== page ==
A Guide: How to Train an Emotional Support Dog

Smart, sweet, and loyal—there’s a reason dogs make such amazing emotional support animals. For those of us looking for little extra help from our furry friends, an emotional support dog (ESD) can be a tailing-waggingly good way to feel secure in stressful situations.

That said, you may not know how to train an emotional support dog.

From common commands to specialized techniques, we’ve developed the ultimate how-to guide for emotional support dog training. If you’re ready to turn your pup into a pillar of emotional assistance, read on.

Step 1: Teach The Basic Commands

Before jumping into the more complex aspects of emotional support training, it’s important to acquire the fundamentals.

It can be hard to teach an old dog new tricks, so we encourage owners to start training the emotional support dog when they’re a puppy. That said, it’s still possible to train an adult dog as long as you’re willing to put in the time and effort.

Consider teaching the following commands to your dog through these tried and true methods to create a solid foundation for future training.

Bathroom Training

Dogs are full of surprises, some of them not all that pleasant. For new pups, potty training is the first step. Housebreaking your dog is essential if you hope to travel frequently with them.

For quick and effecting house training, follow these guidelines:

  • Consistency – Keep your pup on a regular schedule and they’ll have a headstart on proper potty training. If they can anticipate their next opportunity to go outside, you have a better chance of avoiding accidents.
  • No water at night – Young pups can have trouble making it through the night without a bathroom break. Consider taking away their water dish a few hours before bedtime to assure they’ll sleep soundly.
  • Crate-training and confinement – As much as you wish you could always be with your pup, you may have to leave them alone for short periods of time. It’s recommended that you crate train or confine your pet to a small room when you’re not home to avoid potential accidents. It can also help for future travel plans if your dog is comfortable in their crate.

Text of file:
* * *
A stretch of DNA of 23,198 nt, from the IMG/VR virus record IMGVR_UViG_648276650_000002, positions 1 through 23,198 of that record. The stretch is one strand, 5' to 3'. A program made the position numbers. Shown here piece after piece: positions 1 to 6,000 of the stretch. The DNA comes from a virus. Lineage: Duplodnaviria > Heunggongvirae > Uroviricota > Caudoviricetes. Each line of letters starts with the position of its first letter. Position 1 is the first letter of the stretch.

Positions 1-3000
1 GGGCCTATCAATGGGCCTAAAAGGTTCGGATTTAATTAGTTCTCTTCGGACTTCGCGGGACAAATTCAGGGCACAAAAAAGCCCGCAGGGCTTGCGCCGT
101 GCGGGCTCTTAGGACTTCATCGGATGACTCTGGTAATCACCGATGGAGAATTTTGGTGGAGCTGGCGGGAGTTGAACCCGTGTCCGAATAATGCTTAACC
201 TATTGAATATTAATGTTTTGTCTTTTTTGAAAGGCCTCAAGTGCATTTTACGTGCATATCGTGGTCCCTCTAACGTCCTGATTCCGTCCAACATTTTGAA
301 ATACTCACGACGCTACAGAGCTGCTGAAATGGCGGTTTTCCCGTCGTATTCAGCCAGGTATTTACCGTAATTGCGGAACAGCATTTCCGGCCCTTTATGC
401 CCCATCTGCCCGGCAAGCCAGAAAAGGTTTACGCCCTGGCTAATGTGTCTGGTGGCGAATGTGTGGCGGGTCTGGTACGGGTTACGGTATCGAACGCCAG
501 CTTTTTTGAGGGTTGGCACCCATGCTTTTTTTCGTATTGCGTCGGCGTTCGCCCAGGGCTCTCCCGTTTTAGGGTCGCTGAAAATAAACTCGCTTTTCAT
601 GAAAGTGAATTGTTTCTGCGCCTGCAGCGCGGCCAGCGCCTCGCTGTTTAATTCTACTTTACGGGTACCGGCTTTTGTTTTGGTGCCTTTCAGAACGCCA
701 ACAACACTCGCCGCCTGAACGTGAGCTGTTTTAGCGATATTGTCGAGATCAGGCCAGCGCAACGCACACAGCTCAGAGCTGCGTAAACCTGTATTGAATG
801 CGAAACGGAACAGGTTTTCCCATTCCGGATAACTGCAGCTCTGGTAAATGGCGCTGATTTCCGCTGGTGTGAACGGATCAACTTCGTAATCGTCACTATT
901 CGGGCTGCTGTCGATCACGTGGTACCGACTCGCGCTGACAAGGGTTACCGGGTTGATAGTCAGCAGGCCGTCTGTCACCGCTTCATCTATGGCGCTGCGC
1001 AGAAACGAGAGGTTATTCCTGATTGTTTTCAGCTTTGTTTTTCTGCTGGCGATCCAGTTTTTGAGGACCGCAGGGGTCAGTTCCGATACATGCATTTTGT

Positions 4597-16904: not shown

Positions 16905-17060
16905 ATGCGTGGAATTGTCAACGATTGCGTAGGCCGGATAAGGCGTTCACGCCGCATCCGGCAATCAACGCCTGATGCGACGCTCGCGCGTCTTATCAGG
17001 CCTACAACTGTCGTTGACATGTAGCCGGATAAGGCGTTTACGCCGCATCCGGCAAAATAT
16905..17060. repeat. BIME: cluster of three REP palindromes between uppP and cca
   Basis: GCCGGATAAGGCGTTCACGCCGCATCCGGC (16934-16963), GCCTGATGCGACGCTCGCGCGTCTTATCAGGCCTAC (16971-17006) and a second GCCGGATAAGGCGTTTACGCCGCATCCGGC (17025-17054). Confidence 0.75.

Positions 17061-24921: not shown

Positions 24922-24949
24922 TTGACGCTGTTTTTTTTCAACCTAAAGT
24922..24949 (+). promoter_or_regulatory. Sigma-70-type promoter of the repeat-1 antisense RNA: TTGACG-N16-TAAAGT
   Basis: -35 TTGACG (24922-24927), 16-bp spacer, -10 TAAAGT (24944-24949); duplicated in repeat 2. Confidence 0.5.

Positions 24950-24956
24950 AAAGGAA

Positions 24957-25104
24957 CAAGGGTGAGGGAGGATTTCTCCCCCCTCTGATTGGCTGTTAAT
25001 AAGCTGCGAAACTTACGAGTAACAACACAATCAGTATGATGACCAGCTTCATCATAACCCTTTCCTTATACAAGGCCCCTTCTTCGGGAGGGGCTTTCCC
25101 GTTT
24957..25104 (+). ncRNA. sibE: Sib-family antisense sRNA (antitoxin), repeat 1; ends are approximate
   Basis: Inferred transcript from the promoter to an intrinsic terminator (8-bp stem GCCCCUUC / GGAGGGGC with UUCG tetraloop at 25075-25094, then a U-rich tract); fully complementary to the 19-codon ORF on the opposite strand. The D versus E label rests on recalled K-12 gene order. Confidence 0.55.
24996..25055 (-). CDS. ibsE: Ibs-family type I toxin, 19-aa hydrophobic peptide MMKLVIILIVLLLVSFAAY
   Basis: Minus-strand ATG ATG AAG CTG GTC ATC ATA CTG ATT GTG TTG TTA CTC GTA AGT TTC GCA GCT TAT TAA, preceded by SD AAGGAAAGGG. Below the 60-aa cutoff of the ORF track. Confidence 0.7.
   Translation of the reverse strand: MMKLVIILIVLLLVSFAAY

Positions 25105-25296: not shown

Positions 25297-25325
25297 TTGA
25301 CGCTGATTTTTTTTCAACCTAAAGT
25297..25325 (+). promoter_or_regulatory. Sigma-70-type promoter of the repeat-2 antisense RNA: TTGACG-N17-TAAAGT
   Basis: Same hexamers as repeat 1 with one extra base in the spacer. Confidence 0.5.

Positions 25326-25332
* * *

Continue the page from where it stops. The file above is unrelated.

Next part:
This command should come naturally to most dogs. For generations, dogs have been trained to sit, so you should have your pup popping a squat in no time.

To train your dog to sit, try the following tips and tricks:

  • Use a treat – Pick out a favorite dog treat and hold it directly in front of your pup while repeating the word “sit.” While their eyes are focused on the treat, you can move it up and backward to encourage them to move into a sitting position.
  • Practice makes perfect – With all commands, they require time and diligence for your dog to fully master. Consistency is key, so keep up your training on a daily basis and try to create routines and schedules to further reinforce the training. This goes for sitting and just about everything else.


After “sit” comes “stay.” Sometimes you can teach both of these commands at the same time, but it’s helpful to make sure your dog understands “sit” before adding the “stay” command.

When teaching “stay,” try the following steps:

  • Place your hand, palm out, toward your dog
  • Repeat the command
  • Move backward slowly
  • Offer a treat and positive reinforcement for a job well done



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